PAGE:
Remembering Eileen Moffa

Eileen Moffa poses for a picture with her granddaughter Bailey on her graduation day from Seton Hill in 2015. Photo courtesy of the Moffa family.

“Loving and bright” were the words Eileen Moffa’s eldest son used to describe his mother’s personality.

Eileen “Beanie” Moffa, who worked at Seton Hill University from 2005-2016, passed away on March 10 at age 51 after battling cancer.

During her time at SHU, Eileen Moffa served as an administrative assistant. After working in the registrar’s office, she moved to Reeves Memorial Library, where she supervised work-study students each semester. Eileen Moffa also earned her Bachelor of Arts degree in communication from SHU in December 2015, graduating alongside her eldest son, Samuel “Sam” Moffa.

“Graduating with a parent does not happen often,” Sam Moffa said in an email. “For me, it was an honor and privilege. She was the hardest worker I knew and getting that degree was one of the highlights of her life. For her, it was a culmination of everything she has worked towards, so I was truly blessed to share that day with her.”

A memorial service was held at First Evangelical Lutheran Church in Greensburg on March 25, led by David von Schlichten, assistant professor of religious studies at SHU. Eulogies were given by Eileen Moffa’s longtime friend Wendy Veshosky and Sam Moffa.

“The support my family has felt from everyone in our lives has been humbling,” Sam Moffa said. “The amount of people that cared enough to show up and lend their support was truly incredible. When I was in front of the group giving my eulogy, I was in awe of the many, many faces in attendance.”

In his eulogy, Sam Moffa discussed his mother’s love for her family, the Pittsburgh Penguins and music, writing “she’s the reason that those three things are so close to my heart.” Toward the end of the service, each person in attendance chose a seashell to place in a remembrance jar that was given to Eileen Moffa’s family.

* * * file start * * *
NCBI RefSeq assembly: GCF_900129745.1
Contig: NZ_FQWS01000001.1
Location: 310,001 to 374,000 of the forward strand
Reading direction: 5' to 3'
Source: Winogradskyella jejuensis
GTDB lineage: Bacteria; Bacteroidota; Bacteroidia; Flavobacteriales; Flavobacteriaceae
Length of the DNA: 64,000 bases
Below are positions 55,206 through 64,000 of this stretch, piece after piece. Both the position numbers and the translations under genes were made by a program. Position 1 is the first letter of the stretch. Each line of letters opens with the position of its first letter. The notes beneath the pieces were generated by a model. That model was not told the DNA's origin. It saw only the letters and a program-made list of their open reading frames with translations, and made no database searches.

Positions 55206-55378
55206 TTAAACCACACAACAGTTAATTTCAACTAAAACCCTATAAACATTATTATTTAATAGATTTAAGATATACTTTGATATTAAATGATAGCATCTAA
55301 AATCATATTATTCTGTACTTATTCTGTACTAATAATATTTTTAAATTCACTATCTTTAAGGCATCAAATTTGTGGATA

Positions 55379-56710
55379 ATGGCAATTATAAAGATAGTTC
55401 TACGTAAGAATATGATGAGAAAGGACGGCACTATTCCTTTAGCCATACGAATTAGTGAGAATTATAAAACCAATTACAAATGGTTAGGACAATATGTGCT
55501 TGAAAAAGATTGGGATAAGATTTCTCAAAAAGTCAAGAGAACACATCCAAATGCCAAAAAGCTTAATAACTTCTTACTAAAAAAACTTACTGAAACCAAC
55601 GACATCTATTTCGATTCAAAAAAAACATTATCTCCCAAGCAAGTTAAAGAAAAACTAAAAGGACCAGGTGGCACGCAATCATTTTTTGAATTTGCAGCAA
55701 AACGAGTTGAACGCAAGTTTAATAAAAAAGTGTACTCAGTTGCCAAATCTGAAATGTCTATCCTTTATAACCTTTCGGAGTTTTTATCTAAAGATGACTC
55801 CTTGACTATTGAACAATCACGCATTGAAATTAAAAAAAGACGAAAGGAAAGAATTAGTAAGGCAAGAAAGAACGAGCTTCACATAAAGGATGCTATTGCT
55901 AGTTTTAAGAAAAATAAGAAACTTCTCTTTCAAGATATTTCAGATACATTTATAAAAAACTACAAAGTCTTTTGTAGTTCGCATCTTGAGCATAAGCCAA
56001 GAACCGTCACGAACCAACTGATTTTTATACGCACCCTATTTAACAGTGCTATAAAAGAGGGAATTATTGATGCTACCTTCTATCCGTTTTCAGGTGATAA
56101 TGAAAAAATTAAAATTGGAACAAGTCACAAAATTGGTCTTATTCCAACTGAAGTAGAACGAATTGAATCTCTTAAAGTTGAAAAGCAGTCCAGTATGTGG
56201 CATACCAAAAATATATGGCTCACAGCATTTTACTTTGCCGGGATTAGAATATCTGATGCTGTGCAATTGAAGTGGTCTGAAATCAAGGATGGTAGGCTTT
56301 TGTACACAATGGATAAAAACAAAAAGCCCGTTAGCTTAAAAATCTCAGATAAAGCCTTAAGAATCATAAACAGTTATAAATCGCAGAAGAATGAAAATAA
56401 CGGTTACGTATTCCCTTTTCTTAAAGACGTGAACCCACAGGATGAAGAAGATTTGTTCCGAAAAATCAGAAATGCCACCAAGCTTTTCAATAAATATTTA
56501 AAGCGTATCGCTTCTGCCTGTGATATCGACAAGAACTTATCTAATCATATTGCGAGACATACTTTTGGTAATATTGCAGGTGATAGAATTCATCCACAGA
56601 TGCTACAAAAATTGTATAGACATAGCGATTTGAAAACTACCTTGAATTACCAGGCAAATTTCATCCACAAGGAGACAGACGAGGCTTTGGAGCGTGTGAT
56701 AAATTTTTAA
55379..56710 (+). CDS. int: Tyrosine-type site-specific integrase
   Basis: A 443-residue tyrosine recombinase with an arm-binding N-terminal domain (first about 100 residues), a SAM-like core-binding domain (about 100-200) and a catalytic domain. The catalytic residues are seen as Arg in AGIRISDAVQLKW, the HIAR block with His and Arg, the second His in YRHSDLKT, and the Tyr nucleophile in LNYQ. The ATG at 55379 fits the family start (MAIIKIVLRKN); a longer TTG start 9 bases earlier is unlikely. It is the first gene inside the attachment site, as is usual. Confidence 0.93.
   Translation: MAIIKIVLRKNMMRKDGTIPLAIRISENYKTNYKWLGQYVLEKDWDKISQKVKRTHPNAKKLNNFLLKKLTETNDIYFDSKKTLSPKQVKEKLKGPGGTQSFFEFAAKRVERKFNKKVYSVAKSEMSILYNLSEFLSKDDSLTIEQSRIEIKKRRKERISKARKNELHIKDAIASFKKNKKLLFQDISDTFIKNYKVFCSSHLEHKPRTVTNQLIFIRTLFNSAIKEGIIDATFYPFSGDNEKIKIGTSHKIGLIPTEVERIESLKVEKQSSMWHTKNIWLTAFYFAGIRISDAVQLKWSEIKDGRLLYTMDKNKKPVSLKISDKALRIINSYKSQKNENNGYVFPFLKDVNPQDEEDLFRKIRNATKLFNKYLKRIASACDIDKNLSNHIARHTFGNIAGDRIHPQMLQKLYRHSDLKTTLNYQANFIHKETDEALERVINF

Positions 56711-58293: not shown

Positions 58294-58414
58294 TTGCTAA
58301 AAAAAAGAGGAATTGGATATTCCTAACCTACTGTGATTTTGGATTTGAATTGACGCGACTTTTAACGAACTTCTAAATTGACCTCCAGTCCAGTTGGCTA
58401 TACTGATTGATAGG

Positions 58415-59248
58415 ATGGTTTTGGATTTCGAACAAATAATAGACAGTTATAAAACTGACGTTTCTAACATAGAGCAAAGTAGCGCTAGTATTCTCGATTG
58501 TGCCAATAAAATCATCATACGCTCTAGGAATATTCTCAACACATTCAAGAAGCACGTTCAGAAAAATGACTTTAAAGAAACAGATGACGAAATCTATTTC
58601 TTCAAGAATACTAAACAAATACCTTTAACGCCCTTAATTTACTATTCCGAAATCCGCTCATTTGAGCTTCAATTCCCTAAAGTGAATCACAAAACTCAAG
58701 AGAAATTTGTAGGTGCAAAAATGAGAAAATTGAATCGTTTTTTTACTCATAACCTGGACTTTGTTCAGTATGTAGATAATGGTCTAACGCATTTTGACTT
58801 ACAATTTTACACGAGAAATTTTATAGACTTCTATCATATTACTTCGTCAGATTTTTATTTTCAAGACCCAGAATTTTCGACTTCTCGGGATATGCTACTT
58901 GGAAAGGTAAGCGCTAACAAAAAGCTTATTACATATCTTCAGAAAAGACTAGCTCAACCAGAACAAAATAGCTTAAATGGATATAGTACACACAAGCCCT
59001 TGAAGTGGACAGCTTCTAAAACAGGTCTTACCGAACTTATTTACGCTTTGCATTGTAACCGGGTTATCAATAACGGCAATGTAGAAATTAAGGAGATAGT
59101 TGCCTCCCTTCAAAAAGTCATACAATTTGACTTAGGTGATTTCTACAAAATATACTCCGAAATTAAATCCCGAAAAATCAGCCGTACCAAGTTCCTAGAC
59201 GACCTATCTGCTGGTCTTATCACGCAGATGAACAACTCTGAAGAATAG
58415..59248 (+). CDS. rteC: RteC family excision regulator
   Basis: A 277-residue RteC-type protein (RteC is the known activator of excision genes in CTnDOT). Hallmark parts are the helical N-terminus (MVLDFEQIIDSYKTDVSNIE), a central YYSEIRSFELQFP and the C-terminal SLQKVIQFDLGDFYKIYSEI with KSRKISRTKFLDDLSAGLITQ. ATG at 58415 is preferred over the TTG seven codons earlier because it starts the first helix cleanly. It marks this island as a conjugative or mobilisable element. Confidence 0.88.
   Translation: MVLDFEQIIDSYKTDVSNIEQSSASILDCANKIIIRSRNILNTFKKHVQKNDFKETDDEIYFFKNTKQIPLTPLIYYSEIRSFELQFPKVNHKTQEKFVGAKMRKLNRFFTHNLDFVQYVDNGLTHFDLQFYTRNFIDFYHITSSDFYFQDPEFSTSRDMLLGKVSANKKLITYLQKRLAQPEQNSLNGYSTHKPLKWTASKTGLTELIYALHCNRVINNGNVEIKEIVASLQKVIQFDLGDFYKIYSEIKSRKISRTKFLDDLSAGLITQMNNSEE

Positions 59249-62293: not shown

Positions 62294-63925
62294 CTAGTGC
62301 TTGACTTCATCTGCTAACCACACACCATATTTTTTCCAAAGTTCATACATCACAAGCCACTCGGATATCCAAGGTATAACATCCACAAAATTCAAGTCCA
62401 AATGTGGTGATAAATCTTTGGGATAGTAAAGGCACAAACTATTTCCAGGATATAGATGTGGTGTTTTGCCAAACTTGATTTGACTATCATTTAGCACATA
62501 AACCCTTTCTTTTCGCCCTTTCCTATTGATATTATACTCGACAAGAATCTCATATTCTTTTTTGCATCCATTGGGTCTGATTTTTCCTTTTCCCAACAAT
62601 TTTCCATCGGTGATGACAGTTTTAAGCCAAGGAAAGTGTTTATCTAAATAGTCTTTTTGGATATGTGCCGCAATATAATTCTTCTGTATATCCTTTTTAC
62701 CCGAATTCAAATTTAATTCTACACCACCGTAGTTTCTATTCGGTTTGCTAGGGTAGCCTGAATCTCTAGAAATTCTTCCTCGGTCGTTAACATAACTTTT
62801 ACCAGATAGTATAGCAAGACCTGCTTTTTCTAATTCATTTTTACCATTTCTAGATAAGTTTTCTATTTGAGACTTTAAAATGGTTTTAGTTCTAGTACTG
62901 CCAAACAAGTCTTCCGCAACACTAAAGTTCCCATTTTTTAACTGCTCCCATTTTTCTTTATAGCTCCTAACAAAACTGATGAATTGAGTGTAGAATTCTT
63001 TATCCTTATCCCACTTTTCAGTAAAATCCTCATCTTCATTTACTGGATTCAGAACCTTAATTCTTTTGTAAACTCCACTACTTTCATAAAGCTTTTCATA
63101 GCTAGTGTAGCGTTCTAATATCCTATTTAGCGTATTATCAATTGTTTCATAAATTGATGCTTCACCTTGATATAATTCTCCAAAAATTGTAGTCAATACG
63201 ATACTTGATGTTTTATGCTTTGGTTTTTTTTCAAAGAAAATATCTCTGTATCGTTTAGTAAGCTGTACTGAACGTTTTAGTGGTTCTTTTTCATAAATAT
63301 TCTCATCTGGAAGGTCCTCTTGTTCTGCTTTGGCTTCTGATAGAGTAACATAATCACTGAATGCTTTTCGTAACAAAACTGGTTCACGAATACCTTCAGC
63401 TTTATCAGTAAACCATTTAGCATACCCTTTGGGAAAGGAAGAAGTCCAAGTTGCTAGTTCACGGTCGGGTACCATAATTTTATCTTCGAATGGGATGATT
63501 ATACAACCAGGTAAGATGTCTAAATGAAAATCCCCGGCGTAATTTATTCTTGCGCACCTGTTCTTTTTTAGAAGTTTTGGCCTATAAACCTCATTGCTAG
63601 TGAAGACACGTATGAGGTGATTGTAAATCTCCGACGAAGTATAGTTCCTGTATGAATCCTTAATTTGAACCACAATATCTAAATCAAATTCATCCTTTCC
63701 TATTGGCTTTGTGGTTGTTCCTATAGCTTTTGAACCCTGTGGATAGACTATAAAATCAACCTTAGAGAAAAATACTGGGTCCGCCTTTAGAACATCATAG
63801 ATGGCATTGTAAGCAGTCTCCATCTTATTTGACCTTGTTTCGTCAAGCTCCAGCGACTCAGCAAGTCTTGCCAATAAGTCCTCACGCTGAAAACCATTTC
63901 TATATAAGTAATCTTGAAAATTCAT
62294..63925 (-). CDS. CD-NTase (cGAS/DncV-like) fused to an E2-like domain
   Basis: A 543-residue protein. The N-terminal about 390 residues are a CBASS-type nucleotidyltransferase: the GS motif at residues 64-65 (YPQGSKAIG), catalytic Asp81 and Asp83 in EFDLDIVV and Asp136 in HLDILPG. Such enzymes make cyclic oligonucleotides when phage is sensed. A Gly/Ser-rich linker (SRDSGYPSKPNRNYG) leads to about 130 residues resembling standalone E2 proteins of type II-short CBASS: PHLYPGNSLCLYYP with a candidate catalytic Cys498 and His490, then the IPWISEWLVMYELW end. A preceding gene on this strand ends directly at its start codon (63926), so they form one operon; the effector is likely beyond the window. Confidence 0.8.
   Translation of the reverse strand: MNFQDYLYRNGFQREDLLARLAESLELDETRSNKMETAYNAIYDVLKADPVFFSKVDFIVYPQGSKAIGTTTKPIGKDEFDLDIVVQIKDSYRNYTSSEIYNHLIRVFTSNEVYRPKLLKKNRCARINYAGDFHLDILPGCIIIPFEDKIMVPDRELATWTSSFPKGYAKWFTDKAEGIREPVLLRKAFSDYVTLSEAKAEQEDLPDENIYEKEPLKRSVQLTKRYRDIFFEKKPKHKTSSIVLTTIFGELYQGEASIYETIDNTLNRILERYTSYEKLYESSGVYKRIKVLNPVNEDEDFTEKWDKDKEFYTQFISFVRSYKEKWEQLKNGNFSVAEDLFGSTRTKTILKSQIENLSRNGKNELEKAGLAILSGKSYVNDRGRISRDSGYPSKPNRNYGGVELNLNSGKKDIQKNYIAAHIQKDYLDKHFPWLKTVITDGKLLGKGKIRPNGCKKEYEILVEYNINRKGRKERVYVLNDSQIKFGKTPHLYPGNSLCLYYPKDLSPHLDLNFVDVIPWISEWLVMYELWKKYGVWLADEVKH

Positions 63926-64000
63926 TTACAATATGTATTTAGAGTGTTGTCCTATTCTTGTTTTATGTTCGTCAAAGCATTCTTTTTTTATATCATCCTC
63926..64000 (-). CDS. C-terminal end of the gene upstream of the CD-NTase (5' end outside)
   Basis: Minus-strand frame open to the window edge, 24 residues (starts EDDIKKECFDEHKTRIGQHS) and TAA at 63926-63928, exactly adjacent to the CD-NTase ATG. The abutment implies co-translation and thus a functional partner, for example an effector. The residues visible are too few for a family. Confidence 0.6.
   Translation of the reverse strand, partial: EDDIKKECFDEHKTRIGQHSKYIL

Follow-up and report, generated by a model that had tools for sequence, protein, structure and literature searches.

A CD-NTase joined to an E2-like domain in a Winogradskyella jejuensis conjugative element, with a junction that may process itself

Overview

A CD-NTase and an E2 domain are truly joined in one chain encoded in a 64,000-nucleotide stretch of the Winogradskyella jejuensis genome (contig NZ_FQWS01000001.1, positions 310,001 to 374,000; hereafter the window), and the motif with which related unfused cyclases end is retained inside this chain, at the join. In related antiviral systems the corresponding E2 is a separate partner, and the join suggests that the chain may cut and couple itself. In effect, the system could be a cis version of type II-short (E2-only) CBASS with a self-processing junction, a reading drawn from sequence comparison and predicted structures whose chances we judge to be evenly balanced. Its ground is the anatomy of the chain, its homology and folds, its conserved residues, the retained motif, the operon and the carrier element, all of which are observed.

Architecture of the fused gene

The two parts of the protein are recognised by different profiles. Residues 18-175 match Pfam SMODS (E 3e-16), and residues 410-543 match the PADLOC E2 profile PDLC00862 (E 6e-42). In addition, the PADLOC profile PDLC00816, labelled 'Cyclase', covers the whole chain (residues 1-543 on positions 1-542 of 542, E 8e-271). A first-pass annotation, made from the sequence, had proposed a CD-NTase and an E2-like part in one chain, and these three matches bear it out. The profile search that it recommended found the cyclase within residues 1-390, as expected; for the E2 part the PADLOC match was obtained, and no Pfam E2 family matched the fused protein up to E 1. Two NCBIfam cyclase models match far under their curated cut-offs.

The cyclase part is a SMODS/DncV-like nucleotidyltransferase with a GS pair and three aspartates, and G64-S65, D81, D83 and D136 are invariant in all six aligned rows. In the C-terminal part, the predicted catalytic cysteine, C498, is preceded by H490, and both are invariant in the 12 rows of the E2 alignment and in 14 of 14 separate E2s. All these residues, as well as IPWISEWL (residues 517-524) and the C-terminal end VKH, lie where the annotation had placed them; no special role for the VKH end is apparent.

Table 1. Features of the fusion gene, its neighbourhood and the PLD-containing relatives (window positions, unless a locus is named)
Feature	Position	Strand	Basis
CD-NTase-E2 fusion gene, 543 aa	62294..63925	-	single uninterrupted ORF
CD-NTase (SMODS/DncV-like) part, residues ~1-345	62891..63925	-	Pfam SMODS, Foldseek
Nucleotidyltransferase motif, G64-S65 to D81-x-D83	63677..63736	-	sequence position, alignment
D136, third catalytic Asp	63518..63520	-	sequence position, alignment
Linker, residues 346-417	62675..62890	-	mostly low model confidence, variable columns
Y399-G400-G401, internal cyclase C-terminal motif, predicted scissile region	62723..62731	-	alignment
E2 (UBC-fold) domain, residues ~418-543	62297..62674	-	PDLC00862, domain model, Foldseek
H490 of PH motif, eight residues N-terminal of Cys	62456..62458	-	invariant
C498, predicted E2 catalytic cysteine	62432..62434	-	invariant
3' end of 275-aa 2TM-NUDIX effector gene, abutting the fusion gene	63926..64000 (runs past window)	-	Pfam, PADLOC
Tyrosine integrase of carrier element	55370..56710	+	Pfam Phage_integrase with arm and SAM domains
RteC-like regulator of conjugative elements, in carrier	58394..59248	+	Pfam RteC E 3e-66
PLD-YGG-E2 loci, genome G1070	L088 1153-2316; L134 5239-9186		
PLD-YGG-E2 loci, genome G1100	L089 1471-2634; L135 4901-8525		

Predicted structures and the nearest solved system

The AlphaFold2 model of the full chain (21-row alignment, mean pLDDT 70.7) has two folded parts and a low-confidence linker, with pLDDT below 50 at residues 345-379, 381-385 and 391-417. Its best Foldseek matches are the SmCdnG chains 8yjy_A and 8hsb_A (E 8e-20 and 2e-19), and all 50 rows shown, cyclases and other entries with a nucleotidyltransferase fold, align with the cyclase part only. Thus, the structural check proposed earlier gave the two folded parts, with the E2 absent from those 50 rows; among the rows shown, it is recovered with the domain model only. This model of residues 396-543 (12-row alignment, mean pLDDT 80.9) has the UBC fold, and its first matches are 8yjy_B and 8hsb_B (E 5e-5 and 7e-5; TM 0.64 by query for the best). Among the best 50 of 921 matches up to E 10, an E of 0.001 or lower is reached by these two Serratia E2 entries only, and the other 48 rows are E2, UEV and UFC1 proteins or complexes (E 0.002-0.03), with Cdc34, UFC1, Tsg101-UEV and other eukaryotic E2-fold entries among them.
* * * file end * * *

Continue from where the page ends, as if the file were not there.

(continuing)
Eileen Moffa smiles with her children. From left to right: Samuel, Eileen, Sara and Antonio. Photo courtesy of the Moffa family.

“My mom and I were always incredibly close,” Sam Moffa said. “I am your cliché Momma’s Boy. I got most of my personality traits from her, so it was easy for us to get along. Her unconditional support for me had the greatest impact overall. No matter what I did or wanted to do, she was there supporting me every step of the way.”

Eileen Moffa, the youngest of eight siblings, grew up in Greensburg and recently moved to Florida in July 2016 to live with her sister Barbara. Along with Sam, she had two other children: her daughter, Sara, and her youngest son, Antonio. Eileen Moffa was also the grandmother of Bailey, the daughter of Sara and her husband, Grant Monnich.

Sam Moffa said although it was difficult to watch his mother throughout her battle, she still “held her own and fought to the very end.” He knows people will remember his mother’s “unconditional love and loyalty and her undying spirit.”

“It didn’t matter who you were or where you came from, she loved everyone the same,” Sam Moffa said. “She was a shining beacon of love.”

Jennifer Jones, assistant professor of communication at SHU, shared an excerpt of an assignment that Eileen Moffa wrote as a student in one of her courses.

“The meaning of life in my eyes has always been the fact that I am motivated by love. That is my personal meaning of life. Now the greater meaning of life…I would think is based on loving and serving God…Life is not always what we have dreamt it to be…plans do not go as expected. We lose people we love, and our hearts break. This is what makes us authentic and able to love others more deeply.”

Please feel free to leave a comment if you would like to share condolences or memories of Eileen Moffa.

Photos courtesy of the Moffa family.

Published By: Paige Parise

One thought on “Remembering Eileen Moffa

  1. Beanie was honestly the nicest woman that I met in my time at Seton Hill. I remember asking her for help locating books in the library, and she was always smiling and happy to help. Beanie would have a conversation with you to ask how your day was going. It didn’t matter who you were, she would always say “Hi, how are you?” 100% of the time, talk to you about anything, or wave at you if you made eye contact with her. It was perfect that she worked in the library because you always had something to smile about after talking to her. She will be greatly missed, and I’m honored to have met her.

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